Twenty-five years ago, the US Air Force wanted to design a new aircraft called the “advanced tactical fighter”. No fewer than seven companies — Boeing, General Dynamics, Grumman, Lockheed, McDonnell Douglas, Northrop and Rockwell — answered the USAF’s initial call for bids with serious proposals. (Rockwell’s rejected concept for what became the F-22 is pictured at right.)
It is a measure of the US aerospace industry’s competitive decline since 1983 that such a response today could only come from the makers of small and very small unmanned aircraft systems.
I was reminded of this reality this week while researching an upcoming feature story for Flight International on the competitive field for the small tactical UAS (STUAS)/Tier II contract, a joint requirement for the US Navy, US Marine Corps and US Air Force.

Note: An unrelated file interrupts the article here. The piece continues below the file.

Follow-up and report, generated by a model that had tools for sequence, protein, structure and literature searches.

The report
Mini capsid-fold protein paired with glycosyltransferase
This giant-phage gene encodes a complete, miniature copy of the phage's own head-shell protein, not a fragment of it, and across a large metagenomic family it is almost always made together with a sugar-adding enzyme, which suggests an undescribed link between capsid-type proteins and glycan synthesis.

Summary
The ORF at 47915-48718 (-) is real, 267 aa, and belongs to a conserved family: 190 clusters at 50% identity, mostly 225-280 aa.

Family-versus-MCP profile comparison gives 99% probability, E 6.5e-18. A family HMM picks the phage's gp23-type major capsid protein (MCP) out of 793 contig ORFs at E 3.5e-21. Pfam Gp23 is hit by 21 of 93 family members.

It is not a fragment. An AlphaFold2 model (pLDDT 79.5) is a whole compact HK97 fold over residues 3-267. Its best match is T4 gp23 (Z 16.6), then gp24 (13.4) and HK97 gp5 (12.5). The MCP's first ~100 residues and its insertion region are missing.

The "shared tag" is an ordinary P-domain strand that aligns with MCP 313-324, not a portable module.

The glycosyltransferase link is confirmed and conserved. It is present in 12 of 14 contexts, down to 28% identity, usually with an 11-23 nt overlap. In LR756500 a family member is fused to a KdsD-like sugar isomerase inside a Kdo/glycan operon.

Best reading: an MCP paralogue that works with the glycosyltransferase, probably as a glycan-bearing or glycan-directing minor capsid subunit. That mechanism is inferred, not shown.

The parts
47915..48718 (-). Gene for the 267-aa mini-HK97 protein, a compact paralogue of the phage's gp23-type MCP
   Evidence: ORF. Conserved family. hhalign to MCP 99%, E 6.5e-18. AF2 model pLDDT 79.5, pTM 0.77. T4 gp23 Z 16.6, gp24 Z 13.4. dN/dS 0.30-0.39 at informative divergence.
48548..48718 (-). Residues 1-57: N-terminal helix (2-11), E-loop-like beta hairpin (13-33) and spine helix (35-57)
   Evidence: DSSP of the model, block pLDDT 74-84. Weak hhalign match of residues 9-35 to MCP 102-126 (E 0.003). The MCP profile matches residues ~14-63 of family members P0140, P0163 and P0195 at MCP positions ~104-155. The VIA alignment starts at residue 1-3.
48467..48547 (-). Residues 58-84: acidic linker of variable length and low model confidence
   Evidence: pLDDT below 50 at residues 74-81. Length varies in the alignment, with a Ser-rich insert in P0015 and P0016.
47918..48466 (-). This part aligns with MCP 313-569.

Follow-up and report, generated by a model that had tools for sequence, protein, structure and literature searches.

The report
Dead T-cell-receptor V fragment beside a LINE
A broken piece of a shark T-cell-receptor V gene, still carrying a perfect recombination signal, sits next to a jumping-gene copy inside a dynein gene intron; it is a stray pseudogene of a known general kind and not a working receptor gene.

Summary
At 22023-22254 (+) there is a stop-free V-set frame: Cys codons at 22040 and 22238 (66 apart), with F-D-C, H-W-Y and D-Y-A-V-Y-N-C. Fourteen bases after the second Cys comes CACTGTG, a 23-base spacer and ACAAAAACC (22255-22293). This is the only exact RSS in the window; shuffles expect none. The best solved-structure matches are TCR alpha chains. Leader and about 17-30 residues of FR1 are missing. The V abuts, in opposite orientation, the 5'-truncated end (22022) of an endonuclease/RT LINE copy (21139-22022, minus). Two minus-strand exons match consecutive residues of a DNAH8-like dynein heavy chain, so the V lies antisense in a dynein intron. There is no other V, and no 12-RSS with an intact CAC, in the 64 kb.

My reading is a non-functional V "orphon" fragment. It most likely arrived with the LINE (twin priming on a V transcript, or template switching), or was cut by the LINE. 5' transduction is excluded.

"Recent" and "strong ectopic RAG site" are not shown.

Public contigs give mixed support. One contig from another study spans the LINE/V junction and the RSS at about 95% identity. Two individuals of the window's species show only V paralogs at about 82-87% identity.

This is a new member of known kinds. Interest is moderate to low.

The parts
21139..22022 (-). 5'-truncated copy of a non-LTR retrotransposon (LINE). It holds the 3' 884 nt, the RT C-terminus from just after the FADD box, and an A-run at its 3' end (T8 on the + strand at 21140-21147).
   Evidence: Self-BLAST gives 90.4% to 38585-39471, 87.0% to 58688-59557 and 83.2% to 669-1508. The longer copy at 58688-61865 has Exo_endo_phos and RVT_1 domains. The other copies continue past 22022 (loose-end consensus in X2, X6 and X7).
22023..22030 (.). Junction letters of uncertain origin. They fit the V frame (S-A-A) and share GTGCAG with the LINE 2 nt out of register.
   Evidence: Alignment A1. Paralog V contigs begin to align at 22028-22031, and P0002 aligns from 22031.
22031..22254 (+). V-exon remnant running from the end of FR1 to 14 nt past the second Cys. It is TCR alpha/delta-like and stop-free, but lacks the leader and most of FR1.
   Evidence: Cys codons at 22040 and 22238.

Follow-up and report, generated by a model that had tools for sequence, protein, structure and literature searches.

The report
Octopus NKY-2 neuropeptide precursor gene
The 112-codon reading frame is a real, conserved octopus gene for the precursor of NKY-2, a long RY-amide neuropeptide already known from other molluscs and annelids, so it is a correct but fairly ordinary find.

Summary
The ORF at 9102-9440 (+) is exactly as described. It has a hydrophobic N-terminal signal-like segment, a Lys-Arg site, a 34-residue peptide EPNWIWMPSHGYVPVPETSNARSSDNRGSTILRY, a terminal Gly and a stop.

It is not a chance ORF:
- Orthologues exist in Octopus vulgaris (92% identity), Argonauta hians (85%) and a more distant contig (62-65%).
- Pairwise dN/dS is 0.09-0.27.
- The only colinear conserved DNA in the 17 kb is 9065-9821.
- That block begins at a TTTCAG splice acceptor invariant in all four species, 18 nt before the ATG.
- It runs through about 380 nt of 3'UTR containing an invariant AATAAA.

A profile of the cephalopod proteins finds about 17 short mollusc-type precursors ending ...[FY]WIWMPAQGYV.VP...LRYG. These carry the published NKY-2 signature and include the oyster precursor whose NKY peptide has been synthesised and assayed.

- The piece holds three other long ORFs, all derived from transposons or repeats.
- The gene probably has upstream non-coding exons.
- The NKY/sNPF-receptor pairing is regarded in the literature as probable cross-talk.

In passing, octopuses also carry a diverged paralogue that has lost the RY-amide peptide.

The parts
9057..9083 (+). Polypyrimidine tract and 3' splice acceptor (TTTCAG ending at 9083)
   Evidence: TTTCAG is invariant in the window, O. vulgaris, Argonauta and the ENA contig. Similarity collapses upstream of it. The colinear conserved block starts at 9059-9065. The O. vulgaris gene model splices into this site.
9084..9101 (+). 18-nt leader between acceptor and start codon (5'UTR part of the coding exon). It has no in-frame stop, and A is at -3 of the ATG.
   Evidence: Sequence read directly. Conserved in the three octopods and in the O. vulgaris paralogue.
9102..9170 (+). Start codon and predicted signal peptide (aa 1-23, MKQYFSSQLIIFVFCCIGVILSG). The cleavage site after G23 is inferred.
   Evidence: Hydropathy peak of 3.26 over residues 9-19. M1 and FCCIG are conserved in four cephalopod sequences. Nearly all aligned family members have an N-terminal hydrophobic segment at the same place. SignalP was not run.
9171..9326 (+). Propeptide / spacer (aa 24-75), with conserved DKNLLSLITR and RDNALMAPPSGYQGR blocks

For the first time that I could remember, it took me several days to track down and talk to each of the potential competitors for a DOD aerospace contract!
The results of my research are a vivid display of what true market competition looks like. I was able to find least seven known or potential competitors, but there are very likely more.
Four acknowledged competitors:
- Boeing/Insitu* – Integrator
- Raytheon/Swift – KillerBee-3
- AAI/Aerosonde – Aerosonde Mk.4
- General Dynamics ATP/Elbit – Skylark II
(*It remains unclear whether Boeing and Insitu will offer a joint bid or separate bids. If it’s the latter, then count five competitive teams instead of four.)
- Northrop Grumman may offer an undisclosed, internally developed vehicle or the Aurora Flight Sciences GoldenEye-80
- Lockheed Martin maritime systems and sensors (MS2) is looking hard at the requirement, and have access to the brains at Skunk Works.
- BAE Systems has previously mentioned offering the SkyLynx II, and has recently acquired MTC Technologies. MTC was previously involved in the competition with its SpyHawk UAV.
That, my friends, is competition.